Nature of the Christian Church



THE words "life" and "organism" are the principal terms in the definition of the Christian Church. Without the regenerate life which flows into the world from the truth and spiritual presence of the Redeemer, only the semblance of a Christian Church can exist. On the other hand, this life, apart from an organism, lacks the proper means of its own conservation and dissemination. With life, fellowship and certain bonds of fellowship must be conjoined. The Church is not genuine believers taken individually and disjunctively, but genuine believers united into a brotherhood. The apostolic figure is not that of stones, however beautiful and polished, lying scattered and separate; but of a "building fitly framed together," or, more emphatically still, of a living body with its intimate and sympathetic connection of members.

From the terms of the definition it is speedily apparent how the Christian Church is related to the Jewish. There is at once a resemblance and a contrast. The same factors are combined, but not in the same ratio. The old dispensation was not characterized by such fullness of life as is the new. It beheld only prophetically the day when the Spirit in his plenitude should be outpoured upon all flesh. Life in the Jewish Church was initial and preparatory, like the life of nature before the vernal sun has reached the maximum of his quickening power. Also, in respect of organism, the Christian appears plainly distinguished from the Jewish Church. The latter recognized no separation between civil and religious institutions. The bounds of the nation were at the same time the bounds of the Church (at least, prior to the dispersion). State and Church were one. Far different the position of the former.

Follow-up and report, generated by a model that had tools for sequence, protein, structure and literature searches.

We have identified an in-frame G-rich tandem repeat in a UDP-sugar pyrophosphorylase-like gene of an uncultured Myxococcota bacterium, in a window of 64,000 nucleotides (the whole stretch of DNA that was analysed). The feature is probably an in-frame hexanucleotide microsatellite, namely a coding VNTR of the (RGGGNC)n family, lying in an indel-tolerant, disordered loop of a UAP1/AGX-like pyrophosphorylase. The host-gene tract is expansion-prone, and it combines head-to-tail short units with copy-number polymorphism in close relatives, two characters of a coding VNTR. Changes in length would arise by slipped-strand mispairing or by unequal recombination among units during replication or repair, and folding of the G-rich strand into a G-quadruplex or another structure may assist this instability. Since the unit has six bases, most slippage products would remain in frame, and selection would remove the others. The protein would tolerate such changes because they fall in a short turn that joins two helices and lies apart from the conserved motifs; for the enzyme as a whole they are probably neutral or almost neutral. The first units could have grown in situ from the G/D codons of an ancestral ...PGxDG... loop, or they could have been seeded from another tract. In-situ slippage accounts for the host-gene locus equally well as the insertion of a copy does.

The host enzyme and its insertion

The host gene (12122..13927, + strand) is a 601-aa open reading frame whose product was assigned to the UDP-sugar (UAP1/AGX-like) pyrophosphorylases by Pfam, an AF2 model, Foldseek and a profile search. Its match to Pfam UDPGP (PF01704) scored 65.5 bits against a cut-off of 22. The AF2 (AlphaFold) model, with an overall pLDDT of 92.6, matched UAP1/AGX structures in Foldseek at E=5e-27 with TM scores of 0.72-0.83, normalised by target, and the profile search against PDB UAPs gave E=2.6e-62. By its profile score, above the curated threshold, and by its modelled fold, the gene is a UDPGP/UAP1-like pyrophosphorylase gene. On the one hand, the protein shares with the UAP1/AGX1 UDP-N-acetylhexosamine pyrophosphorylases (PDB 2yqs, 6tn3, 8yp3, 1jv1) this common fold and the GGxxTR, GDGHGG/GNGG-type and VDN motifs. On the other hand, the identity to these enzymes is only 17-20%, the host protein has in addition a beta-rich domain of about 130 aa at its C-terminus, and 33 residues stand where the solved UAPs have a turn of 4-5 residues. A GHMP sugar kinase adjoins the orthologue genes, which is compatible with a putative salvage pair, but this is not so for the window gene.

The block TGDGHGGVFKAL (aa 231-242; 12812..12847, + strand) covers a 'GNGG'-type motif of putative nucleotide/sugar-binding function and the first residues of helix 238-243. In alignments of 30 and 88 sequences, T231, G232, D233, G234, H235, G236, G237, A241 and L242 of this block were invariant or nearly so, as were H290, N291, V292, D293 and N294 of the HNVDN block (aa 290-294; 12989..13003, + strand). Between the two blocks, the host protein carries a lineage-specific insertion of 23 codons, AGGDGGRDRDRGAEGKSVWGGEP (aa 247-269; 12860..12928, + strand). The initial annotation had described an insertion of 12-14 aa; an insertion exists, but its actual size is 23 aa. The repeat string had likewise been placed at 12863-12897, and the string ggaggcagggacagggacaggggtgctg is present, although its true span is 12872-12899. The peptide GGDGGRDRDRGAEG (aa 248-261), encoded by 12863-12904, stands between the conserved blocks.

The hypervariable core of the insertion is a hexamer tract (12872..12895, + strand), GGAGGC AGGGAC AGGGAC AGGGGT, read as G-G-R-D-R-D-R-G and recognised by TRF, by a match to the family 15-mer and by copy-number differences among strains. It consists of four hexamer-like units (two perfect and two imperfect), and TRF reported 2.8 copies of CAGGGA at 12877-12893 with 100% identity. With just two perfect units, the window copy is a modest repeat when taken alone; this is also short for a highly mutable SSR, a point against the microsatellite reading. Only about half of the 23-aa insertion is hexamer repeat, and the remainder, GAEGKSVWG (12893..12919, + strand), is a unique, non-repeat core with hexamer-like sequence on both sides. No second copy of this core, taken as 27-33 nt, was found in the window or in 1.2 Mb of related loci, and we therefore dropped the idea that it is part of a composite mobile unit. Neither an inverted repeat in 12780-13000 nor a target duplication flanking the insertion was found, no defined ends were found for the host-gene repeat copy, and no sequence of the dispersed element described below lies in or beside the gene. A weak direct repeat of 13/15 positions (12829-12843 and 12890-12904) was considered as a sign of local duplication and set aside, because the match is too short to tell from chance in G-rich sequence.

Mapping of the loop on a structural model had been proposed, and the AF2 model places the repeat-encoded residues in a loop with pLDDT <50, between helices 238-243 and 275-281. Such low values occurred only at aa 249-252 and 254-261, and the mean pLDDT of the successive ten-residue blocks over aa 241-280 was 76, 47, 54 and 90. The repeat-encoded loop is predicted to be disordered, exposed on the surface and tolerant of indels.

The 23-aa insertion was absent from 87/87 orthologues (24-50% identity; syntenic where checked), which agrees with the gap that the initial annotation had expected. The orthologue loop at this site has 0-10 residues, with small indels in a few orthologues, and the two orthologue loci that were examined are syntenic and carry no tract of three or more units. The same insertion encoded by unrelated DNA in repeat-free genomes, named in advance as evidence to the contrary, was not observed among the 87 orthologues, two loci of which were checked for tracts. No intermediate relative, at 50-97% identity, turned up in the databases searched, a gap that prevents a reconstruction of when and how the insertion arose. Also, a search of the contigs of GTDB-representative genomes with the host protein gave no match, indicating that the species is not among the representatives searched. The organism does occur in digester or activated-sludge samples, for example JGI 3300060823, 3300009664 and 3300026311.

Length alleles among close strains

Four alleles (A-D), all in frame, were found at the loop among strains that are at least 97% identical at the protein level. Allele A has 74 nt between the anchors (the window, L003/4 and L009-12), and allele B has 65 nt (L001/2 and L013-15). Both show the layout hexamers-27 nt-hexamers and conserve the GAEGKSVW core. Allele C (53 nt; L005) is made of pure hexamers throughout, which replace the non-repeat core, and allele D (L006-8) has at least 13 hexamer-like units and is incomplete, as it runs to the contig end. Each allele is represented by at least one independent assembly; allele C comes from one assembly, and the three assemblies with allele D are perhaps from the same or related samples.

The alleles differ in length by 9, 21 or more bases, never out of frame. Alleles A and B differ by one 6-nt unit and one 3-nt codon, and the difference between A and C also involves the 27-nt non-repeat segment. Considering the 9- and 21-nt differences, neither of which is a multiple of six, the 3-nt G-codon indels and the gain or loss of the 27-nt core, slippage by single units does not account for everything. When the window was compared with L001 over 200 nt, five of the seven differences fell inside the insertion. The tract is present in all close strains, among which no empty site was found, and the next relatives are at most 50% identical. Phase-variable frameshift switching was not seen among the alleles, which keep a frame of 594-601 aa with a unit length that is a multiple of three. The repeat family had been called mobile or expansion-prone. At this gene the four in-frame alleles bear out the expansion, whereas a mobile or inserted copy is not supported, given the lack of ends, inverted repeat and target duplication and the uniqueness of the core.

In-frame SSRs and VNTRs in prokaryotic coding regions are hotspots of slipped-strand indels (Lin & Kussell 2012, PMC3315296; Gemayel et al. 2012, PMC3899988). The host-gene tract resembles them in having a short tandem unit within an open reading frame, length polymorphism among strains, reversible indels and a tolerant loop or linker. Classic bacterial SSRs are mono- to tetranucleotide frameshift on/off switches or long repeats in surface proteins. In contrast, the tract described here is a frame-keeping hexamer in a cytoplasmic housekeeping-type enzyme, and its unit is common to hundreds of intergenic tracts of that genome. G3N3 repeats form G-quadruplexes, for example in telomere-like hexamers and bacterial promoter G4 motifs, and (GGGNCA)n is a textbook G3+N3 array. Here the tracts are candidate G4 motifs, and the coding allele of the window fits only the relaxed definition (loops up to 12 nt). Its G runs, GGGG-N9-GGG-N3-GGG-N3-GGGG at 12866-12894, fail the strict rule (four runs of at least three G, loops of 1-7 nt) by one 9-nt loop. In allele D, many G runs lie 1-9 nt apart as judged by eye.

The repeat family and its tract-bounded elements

The Christian Church, as established by Christ and His apostles, was purely a religious institution. The Church may hold of necessity certain relations to the civil power, it may make alliances therewith more or less intimate; but in its proper character it is a religious organism. This was demanded by the universal office of Christianity. Civil organization is fractional, belongs to nations. Christianity was designed for the whole, for mankind. Hence, released from all shackles of civil and national restrictions, it was left free as a spiritual kingdom to extend its dominion over all souls.

Corresponding to the two elements in the idea of the Church, it has both an invisible and a visible side. As a life, its hidden spring is the spirit of Christ in the hearts of believers. As a fellowship or brotherhood, it has, of practical necessity, certain outward bonds of unity. Christ himself appointed such in the authority of the apostles, in the rite of baptism, and in the Eucharist.

Evidently both of these aspects must be duly regarded in any just and well-balanced view of the Church. Let the first receive the sole emphasis, let it be said that Christian life in the heart of the believer is every thing, and the outward organization is nothing, and you have a false, dismembering independence.

This is the error of an ultra Protestant spirit which tends to convert Christianity into a sandbank of incoherent particles, or at least to apportion the Christian realm into petty, ill-related provinces. On the other hand, let the latter receive an undue emphasis, let the life be absolutely conditioned upon institutions and officers, and you have worship of form and debasing dependence upon human authority. This is the error of Roman Catholicism, going on with continued increase and issuing in a practical deification of the church ceremonial and the hierarchy. Common-sense, as well as history, teaches that either extreme caricatures the true conception of the Church. The Christian Church in its earthly office must have both life and organization, as the individual must have both soul and body. The soul is truly of greater worth than the body; but still the body has claims to consideration.